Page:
The invention also concerns new solid catalysts for homopolymerizing or copolymerizing olefins having 2 to 5 carbons to become polymers with high degree of crystallinity and high molecular weight. The catalyst, according to the invention, for homopolymerizing or copolymerizing olefins of 2 to 5 carbon atoms is characterized in that it consi-sts of the following components:
- a) an organometallic aluminum compound of the form AlRxC13-x where R is an alkyl and x is between 1 and 3;
- b) an electron donor compound or a Lewis base which is able to form a complex together with the Al compound (a); and
- c) the solid non-layer catalyst component above.
In the drawings:
- Fig. 1 shows the X-ray diffraction spectrum or pattern of the intermediate solid chlorination product or carrier;
- Fig. 2 shows the X-ray diffraction spectrum or pattern of a typical catalyst component of the present invention;
- Fig. 3 shows the 13C NMR spectrum of a copolymer of propylene and 1-butene made in accordance with the present invention; and
- Fig. 4 shows the wide-angle X-ray diffraction spectrum of a typical catalyst made in accordance with the invention.
In the catalyst according to the invention the aluminum compound with the formula AlxCl3-x is used as a cocatalyst. For aluminum compound, an aluminumtrialkyl or dialkylaluminum chloride can be used, e.g. triethylaluminum, diethylaluminum chloride, tri-isobutylaluminum.
For an internal electron donor, or Lewis base, one may use for instance esters, amines, ethers, alcoholates, silane compounds, ketones, phosphoramides, etc. For esters, one may use both inorganic and organic esters. Particularly appropriate are di-isobutylphthalate and esters of aromatic carboxylic acids, such as the alkyl esters of benzoic, p-methoxybenzoic or p-toluic acid (e.g. ethyl benzoate, ethyl p-methoxybenzoate, methyl or ethyl p-toluate, or ethyl p-butoxybenzoate). Other usable esters are diethyl carbonate, ethyl pivalate, ethyl acetate, dimethyl maleate and alkyl- arylsilanes or alkoxysilanes.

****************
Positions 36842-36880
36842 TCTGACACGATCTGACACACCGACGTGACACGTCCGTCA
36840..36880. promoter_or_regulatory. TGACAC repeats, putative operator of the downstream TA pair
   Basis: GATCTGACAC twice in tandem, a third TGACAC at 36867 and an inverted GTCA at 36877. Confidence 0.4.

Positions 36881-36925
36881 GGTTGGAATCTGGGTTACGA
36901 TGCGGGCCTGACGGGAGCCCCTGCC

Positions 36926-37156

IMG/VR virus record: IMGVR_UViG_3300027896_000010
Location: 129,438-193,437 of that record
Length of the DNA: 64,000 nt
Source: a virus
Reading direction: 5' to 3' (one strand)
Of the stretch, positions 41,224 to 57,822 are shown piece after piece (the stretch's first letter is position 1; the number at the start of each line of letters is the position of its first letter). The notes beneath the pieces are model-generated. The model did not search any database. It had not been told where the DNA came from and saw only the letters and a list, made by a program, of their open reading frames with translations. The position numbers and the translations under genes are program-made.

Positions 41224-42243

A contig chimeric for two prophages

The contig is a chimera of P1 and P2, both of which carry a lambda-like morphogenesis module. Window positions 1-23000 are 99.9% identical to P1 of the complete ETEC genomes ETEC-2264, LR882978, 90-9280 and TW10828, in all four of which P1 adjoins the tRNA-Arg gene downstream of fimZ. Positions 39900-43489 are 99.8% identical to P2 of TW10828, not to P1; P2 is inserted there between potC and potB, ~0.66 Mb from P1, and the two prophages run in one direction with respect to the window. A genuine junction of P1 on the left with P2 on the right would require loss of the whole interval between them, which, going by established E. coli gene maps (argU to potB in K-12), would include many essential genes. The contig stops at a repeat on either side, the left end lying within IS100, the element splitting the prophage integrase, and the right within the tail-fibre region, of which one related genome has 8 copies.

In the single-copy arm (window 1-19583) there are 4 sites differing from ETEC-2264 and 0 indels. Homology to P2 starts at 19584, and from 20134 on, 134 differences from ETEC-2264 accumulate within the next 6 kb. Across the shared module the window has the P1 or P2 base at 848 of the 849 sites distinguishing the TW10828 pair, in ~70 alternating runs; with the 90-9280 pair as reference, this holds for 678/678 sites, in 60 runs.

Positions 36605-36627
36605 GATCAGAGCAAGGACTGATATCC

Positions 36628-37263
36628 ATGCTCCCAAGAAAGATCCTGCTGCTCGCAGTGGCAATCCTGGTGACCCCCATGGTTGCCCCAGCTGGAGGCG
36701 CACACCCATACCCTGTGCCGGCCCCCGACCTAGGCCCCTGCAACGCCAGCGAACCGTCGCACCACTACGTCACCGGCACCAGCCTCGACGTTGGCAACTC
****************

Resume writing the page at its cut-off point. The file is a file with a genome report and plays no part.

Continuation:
The solid non-layer catalyst component according to the invention is obtained by allowing an organic magnesium compound, chlorinating compounds, a Ti halide and an electron donor or Lewis base to react with each others. The Mg alkyl compounds employed have the form MgR2 or MgR'R'', wherein R,R' and R'' are either the same or different, and contain alkyls from C1 to C20, preferably C2 to C12. The Mg alkyl compound may for instance consist of diethylmagnesium, ethylbutylmagnesium, ethylhexylmagnesium, ethyloctylmagnesium, dibutylmagnesium, butylhexylmagnesium, butyloctylmagnesium, dicyclohexylmagnesium, etc. Among these organomagnesium compounds, the use of butyloctylmagnesium is to be most recommended.
The chlorinating agent is chlorine gas or chlorine gas and an alkyl chloride such as butyl or pentyl chloride, preferably butyl chloride.
The chlorination may be carried out at 0-100°C, preferably at 20-60°C, particularly at 20-40°C. During the chlorination there may also be present in the reaction mixture an electron donor compound which may be selected from the following compounds: amines, esters or silane compounds or mixtures thereof.
As can be seen from the drawings, the X-ray diffraction spectrum of the solid chlorination product or carrier, as shown in Figure 1, is very similar to that of a typical catalyst component based on this carrier. Both spectrum patterns show one relatively sharp line at 2θ=50° and a broad halo in the central region of the pattern.
From scientific point of view it is evident that by X-ray diffraction methods a crystal phase of MgCl2 cannot be identified either from the spectrum of carrier (Fig. 1) or from the spectrum of final catalyst component (Fig. 2). In these X-ray diffraction spectra or patterns (XRD) a crystalline peak at 15° 2θ, which is fundamental and peculiar in MgCl2, does not appear.